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Pandemic has killed domestic airline industry: ACCC

James Mitchell
30 September 2021 3 minute readShare
Pandemic has killed domestic airline industry

Travel restrictions as a result of the recent COVID-19 Delta outbreaks have brought the majority of domestic flying to a stop and delivered a significant blow to the local airline industry, the ACCC’s latest Airline Competition in Australia report reveals.

The report, released on Wednesday, shows passenger numbers in July 2021 plunged to 23% of pre-pandemic levels, after recovering to a peak of 68% of pre-pandemic levels in April 2021. Passenger numbers reported for August and September 2021 are expected to be even lower.

Qantas, Jetstar, Virgin and Rex combined were forced to cancel one in three flights in July 2021, which is the highest cancellation rate since April 2020. Weekly passenger numbers in Victoria fell by 91% from mid-May to early June, and in NSW they dropped by 97% between mid-June and the end of July.

“The Delta outbreak has hit the domestic airline industry hard, and it has unfortunately halted the airlines’ recovery just as they were starting to approach pre-pandemic levels of flying,” ACCC chair Rod Sims said.

The report reveals that routes in and out of Sydney Airport were not in the top 10 busiest routes in July 2021, despite it normally being Australia’s busiest airport. Intra-state Queensland routes were the busiest, with Brisbane to Cairns, Townsville and Mackay among the most popular.

“With many state borders closed, those that could fly were doing so closer to home,” Mr Sims said.

“July was the first time that Sydney hasn’t been among the 10 busiest routes in the country, which is a sign of the state of the industry.”

The cancellation of flights forced Qantas, Jetstar, Virgin and Rex to implement temporary stand-downs until flying can resume. The Australian government announced new support through the Retaining Domestic Airline Capability program, which gives eligible airlines $750 per week for frontline employees that are otherwise unable to access COVID-19 disaster payments. Additionally, the government extended a number of existing aviation support programs until the end of the year.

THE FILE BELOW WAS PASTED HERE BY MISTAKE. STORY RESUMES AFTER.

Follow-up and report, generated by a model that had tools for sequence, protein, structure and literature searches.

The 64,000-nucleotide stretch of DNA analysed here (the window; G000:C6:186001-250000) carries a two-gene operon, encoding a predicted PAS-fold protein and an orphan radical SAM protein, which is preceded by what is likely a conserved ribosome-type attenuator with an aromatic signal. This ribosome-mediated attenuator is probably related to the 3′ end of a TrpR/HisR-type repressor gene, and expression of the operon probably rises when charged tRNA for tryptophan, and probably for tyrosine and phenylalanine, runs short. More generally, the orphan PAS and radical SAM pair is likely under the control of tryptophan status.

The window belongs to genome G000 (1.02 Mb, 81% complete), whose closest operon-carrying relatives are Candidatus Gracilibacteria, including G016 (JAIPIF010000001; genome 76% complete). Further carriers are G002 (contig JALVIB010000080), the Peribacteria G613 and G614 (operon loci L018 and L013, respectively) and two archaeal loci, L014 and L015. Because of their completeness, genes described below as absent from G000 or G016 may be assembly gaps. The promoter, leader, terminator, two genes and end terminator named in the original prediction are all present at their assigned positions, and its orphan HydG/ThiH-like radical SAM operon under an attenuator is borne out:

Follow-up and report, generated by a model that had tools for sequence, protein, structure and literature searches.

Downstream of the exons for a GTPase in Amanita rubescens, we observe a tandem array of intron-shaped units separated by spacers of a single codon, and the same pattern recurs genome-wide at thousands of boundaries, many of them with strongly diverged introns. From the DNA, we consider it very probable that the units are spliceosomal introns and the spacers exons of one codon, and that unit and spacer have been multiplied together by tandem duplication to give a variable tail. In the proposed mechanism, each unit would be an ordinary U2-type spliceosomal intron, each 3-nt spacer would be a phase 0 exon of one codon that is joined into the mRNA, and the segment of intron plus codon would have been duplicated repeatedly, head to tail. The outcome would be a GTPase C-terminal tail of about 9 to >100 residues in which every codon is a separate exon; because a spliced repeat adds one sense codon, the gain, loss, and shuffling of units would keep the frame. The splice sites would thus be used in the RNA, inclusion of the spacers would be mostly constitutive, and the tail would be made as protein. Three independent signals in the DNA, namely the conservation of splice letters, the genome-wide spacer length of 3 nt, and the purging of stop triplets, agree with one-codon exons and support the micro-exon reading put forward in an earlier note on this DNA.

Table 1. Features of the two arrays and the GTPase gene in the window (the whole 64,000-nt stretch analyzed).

Despite the reduced number of flights, the industry remains optimistic that demand for domestic travel, especially to leisure destinations, will bounce back strongly when vaccination targets are reached and border restrictions are eased.

The ACCC has recently heard concerns from some airlines that airports may seek to significantly increase charges to airlines in order to recover lost profits from the pandemic. The report explains that the ACCC believes such actions would be inconsistent with the Australian government’s Aeronautical Pricing Principles and would be a clear example of airports systematically taking advantage of their market power.

“We would be very concerned if the major Australian airports sought to use their monopoly position to charge airlines excessive prices in order to recover any lost profits from the pandemic. This could limit an already vulnerable sector’s ability to recover, and impact on both consumers and the economy,” Mr Sims said.

The report notes the recently released Harris review commissioned by the Australian government which considered the scheme for managing airline use of Sydney Airport. The ACCC supports recommendations that limit incumbent airlines’ ability to keep more take-off and landing slots than they need.

“Access to take-off and landing slots at Sydney Airport can be a significant barrier for airlines to enter the market or expand their services,” Mr Sims said.

“The recommendations proposed by Peter Harris, such as greater transparency and a stronger system for monitoring compliance with airport slot rules, should make more slots available for new and expanding airlines.”

The report also looks at the provision of air passenger services in regional Australia. While air services fulfil an important role keeping regional communities connected with the rest of Australia, the need for airlines to recover their operating costs from a smaller number of passengers often results in higher airfares.

“Passengers on regional routes are less likely to experience the benefits of competition between multiple airlines, and regional communities can face higher airfares than those travelling on busier routes,” Mr Sims said.

Since the pandemic began, the Qantas Group has extended its dominance in regional areas. On routes connecting larger cities to regional locations, the Qantas Group carried 70% of passengers in June 2021, up from 63% pre-pandemic. The group also carried almost nine in every 10 passengers travelling between two regional locations.

The Qantas Group has also increased its network reach in regional areas over this time, in contrast to Virgin and Rex. Virgin’s reduced regional operations are due to its closure of low-cost carrier Tigerair as well as a streamlining of its fleet to Boeing 737s — an aircraft too large for most regional routes. The networks of all airlines continue to evolve in response to changing border situations and demand.

Virgin’s competitive strategy also continues to evolve and the report mentions the airline’s approach to the corporate travel market. A recent industry study found that average domestic corporate airfares offered by Virgin were lower than Qantas’, and the gap between the two had widened. The ACCC will continue to monitor Virgin’s strategic shift towards more value-conscious travellers, and whether it may result in Qantas facing less competition at the premium end of the market.

Pandemic has killed domestic airline industry: ACCC
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James Mitchell

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